FOR IMMEDIATE RELEASE
LANSING, MI (Apr 14, 2022) - The Michigan Department of Education (MDE) has announced an additional 29 grantees - including Fremont Public School District, Fruitport Community Schools, Newaygo Public School District and White Cloud Public Schools - for 10 Cents A Meal for Michigan's Kids & Farms, after reopening the matching grant program for a second application window. 10 Cents a Meal, Michigan’s state-funded farm to institution grant provides matching incentive funding up to 10 cents per meal to purchase and serve Michigan-grown fruits, vegetables, and legumes.
“Providing our children with fresh Michigan-grown fruits and vegetables will positively impact their health as well as their ability to learn throughout the school day,” said Senator Jon Bumstead (R-Muskegon). “Not only does this program help our students, but it also promotes Michigan-grown foods and directly invests in our local agriculture. I’m excited to see 10 Cents a Meal provide grants to four more schools in the 34th Senate District, and I look forward to seeing the program’s impact moving forward.”
Previously announced regional grantees include: Hart Public School District; Hesperia Community Schools; Holton Public Schools; Montague Area Public Schools; Muskegon Area Isd; Muskegon, Public Schools Of The City Of; Western Michigan Christian High School; Orchard View Schools; North Muskegon Public Schools; Little Hands Learning Center Of Living Word Church; Muskegon Heights Public School Academy System; Mona Shores Public School District; Shelby Public Schools; and Whitehall District Schools.
The grant has gone from a regional pilot program in 2016 to finally being available to applicants statewide for the 2020-2021 school year. The latest investment of $4.5 million* from the state affirms the importance of 10 Cents a Meal in providing fresh, healthy, local fruits, vegetables, and dry beans for Michigan’s children.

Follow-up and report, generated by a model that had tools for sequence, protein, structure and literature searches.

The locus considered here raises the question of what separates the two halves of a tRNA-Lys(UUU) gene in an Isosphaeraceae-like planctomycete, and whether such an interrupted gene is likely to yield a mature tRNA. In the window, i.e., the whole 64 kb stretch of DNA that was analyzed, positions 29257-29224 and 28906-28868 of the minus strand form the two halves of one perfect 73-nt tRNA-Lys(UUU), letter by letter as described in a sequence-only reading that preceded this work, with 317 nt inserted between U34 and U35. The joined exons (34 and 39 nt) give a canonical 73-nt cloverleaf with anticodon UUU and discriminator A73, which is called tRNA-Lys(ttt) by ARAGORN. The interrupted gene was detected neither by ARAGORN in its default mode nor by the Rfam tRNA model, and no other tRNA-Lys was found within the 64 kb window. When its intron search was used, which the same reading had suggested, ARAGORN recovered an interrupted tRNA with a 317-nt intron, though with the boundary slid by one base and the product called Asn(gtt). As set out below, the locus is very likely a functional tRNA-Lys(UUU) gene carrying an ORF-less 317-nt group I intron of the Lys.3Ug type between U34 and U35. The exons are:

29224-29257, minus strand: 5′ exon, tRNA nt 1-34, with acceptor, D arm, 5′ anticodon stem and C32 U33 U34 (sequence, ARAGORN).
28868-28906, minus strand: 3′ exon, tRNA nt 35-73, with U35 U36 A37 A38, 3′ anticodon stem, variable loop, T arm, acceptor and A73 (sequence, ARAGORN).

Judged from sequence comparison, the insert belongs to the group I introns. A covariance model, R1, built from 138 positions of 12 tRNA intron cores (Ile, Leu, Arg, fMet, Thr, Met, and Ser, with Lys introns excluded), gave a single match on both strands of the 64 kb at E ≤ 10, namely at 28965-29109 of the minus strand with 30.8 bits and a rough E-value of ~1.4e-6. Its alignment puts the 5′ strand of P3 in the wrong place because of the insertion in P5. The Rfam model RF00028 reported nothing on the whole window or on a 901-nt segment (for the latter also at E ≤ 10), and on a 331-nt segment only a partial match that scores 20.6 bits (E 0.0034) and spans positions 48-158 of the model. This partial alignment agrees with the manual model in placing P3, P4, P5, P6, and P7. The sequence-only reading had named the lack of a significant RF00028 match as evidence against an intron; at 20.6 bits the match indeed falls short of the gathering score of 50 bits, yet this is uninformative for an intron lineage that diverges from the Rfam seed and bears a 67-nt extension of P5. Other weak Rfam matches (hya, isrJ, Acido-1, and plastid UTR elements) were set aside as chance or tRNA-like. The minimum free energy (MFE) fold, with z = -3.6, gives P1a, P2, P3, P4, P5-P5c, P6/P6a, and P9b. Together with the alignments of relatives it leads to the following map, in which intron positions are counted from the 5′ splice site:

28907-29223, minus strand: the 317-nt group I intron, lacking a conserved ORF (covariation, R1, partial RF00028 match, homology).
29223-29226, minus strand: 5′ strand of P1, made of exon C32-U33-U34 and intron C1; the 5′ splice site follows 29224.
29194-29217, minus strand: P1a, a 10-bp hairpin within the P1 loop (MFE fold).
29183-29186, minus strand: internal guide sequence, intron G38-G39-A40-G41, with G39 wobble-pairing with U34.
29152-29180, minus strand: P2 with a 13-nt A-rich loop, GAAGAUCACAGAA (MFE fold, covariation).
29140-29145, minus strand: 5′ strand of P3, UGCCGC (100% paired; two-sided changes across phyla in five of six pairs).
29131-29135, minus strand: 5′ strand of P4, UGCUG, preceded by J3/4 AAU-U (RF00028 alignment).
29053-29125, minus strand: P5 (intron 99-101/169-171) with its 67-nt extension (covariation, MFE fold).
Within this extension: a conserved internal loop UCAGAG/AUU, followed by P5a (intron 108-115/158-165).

The program is currently in its second year of statewide availability, and there are now 257 unique grantees for the 2021-22 school year, representing over 585,000 children. Compared to last year’s 143 grantees, the program has seen a nearly 80% increase in grant recipients in a single year.
10 Cents a Meal is open to school districts (public, public school academies, or private), and non-school sponsors of USDA Child Nutrition Programs such as residential childcare institutions (RCCIs), child care centers and after school programs participating in the Summer Food Service Program (SFSP), National School Lunch Program (NSLP) and the Child and Adult Care Food Program (CACFP).
“It’s so encouraging to see this promising trend that Michigan’s youngest children of all income levels across the state are benefiting from the high nutritional quality of locally grown food,” said Groundwork Center for Resilient Communities Policy Specialist Nathan Medina. Groundwork is a key MDE partner on the 10 Cents a Meal program.
The 29 new grantees include: Freeland Community School District, White Cloud Public Schools, Daily Shepherd Child Care Center, Boys And Girls Club Benton Harbor, Harbor Springs School District, Fremont Public School District, Association For Child Development, Ludington Area School District, Grand Rapids Metropolitan YMCA, Charlotte Public Schools, Dee's Little Angels Child Care Center, Bambi Land Child Care, Bright Beginnings, Newaygo Public School District, Children's Paradise Learning Center, Inc., Orchard Hill Reformed Church, Napoleon Community Schools, Summerfield Schools, Springport Public Schools, Inland Lakes Schools, Cheboygan Area Schools, Capac Community Schools, Kalkaska Public Schools, Brimley Area Schools, Fruitport Community Schools, Child Star Development Center, A & W Day Care Center, Steepletown Neighborhood Services, and Village Of Shiny Stars Child Care.
*Edit 5/2/22: The 10 Cents a Meal budget is $4.5 million, corrected here from the previously published $5 million due to an error in the state’s budget language.
Wendy Crowley, Michigan Department of Education, [email protected]
Nathan Medina, Groundwork Center for Resilient Communities, [email protected]
Colleen Matts, MSU Center for Regional Food Systems, [email protected]